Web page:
Energy Sector Recession?

(hat tip to Steven Hansen at Seeking Alpha)

Not a particularly healthy economic outlook even with the recent job growth. Energy sector heading toward recession because of high costs?? Will that drag the rest of the economy with it? Read more here.

"...If energy is removed from consumer spending, the growth trend lines are slightly positive over the last three months. In industrial production, the growth trend lines without utilities are positive.
Could it be the new normal economy is currently adjusting / re-balancing to changing energy inputs - and the degradation in the year-over-year growth is not a recession warning as the non-energy components appear relatively strong?..."

March 8, 2012

Motherboard TV: Doctor Teller's Strange Loves, from the Hydrogen Bomb to Thorium Energy | Motherboard

(Hat tip to Barry Ritholtz for the link)

In the late '70s I had the opportunity to sit in on a lecture by Dr. Teller while visiting Stanford for a course. He roamed across many topics, but one in particular stands out. America had just been through the 'oil crisis' with long lines at gas stations  in late 1973 and 1974 because of the Arab oil embargo. At the time of Teller's lecture we were in the midst of another oil crisis.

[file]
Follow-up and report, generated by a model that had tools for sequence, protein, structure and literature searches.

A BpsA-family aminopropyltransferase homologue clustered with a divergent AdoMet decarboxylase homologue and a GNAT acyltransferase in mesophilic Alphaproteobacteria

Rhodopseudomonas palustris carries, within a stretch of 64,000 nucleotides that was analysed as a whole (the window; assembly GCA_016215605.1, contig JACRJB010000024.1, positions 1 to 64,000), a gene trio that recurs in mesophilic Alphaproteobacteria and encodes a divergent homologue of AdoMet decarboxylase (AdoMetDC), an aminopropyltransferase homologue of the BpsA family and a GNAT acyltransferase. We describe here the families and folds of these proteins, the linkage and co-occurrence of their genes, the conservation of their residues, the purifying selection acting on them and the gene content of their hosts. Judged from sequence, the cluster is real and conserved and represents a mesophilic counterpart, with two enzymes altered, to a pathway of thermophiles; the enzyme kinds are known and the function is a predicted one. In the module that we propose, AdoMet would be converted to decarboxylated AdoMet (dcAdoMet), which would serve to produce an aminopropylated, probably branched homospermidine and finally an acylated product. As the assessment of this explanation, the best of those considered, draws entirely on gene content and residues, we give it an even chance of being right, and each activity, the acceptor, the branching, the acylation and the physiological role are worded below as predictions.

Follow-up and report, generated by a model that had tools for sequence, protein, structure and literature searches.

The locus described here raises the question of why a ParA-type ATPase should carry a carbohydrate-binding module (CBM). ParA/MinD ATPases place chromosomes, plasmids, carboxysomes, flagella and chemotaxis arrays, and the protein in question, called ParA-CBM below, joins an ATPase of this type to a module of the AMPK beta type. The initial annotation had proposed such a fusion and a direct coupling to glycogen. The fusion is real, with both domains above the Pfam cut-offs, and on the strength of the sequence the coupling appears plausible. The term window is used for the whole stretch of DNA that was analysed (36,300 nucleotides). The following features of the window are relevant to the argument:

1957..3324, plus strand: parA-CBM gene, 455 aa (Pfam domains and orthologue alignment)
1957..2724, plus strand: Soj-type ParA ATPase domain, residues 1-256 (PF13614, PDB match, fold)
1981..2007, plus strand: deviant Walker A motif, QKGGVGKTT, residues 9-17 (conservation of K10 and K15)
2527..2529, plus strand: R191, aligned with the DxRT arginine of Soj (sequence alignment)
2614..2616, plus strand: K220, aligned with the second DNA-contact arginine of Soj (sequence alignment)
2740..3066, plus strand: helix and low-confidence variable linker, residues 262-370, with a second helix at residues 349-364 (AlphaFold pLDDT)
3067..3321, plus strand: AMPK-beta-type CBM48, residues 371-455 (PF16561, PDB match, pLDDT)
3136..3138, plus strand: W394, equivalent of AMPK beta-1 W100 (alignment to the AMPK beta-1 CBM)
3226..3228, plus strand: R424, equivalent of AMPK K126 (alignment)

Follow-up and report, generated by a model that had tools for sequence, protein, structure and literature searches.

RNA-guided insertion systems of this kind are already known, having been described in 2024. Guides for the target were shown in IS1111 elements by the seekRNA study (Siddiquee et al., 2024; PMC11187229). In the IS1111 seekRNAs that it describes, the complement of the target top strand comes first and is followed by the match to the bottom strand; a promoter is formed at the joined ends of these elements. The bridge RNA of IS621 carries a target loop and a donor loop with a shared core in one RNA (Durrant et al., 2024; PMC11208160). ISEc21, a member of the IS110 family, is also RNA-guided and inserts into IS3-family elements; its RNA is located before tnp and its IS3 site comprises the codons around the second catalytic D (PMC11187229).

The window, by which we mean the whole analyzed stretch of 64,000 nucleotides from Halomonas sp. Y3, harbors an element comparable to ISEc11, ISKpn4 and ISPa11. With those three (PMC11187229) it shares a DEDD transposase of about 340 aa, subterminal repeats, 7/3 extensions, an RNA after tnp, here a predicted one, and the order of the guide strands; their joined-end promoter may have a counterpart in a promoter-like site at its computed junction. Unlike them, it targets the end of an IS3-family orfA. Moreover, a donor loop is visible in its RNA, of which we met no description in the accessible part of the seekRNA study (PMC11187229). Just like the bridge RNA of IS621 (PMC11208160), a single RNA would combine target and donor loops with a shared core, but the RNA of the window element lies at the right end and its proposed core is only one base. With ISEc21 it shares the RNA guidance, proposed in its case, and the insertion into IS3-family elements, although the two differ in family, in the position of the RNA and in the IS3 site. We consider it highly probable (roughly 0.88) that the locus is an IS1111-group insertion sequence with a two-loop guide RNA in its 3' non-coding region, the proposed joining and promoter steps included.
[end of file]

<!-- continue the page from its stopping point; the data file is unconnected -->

Teller proclaimed that there was plenty of oil that had not yet been discovered. He opined that we would have to drill deeper and in more exotic places to find it and because of this difficulty, it would be more costly, but plenty was there and we would eventually get it as the technology matured. As it turns out, he was absolutely correct.

While Teller is often vilified, he was definitely a genius and up to that point I had not been in the presence of one, although I had once seen Hans Bethe while at Cornell in a physics class. 

March 6, 2012

Google Play

Google Play 

Isn't competition wonderful, especially when they play in the clouds. Apple, Amazon and Apple are really going at it. So much happening in the cloud so fast.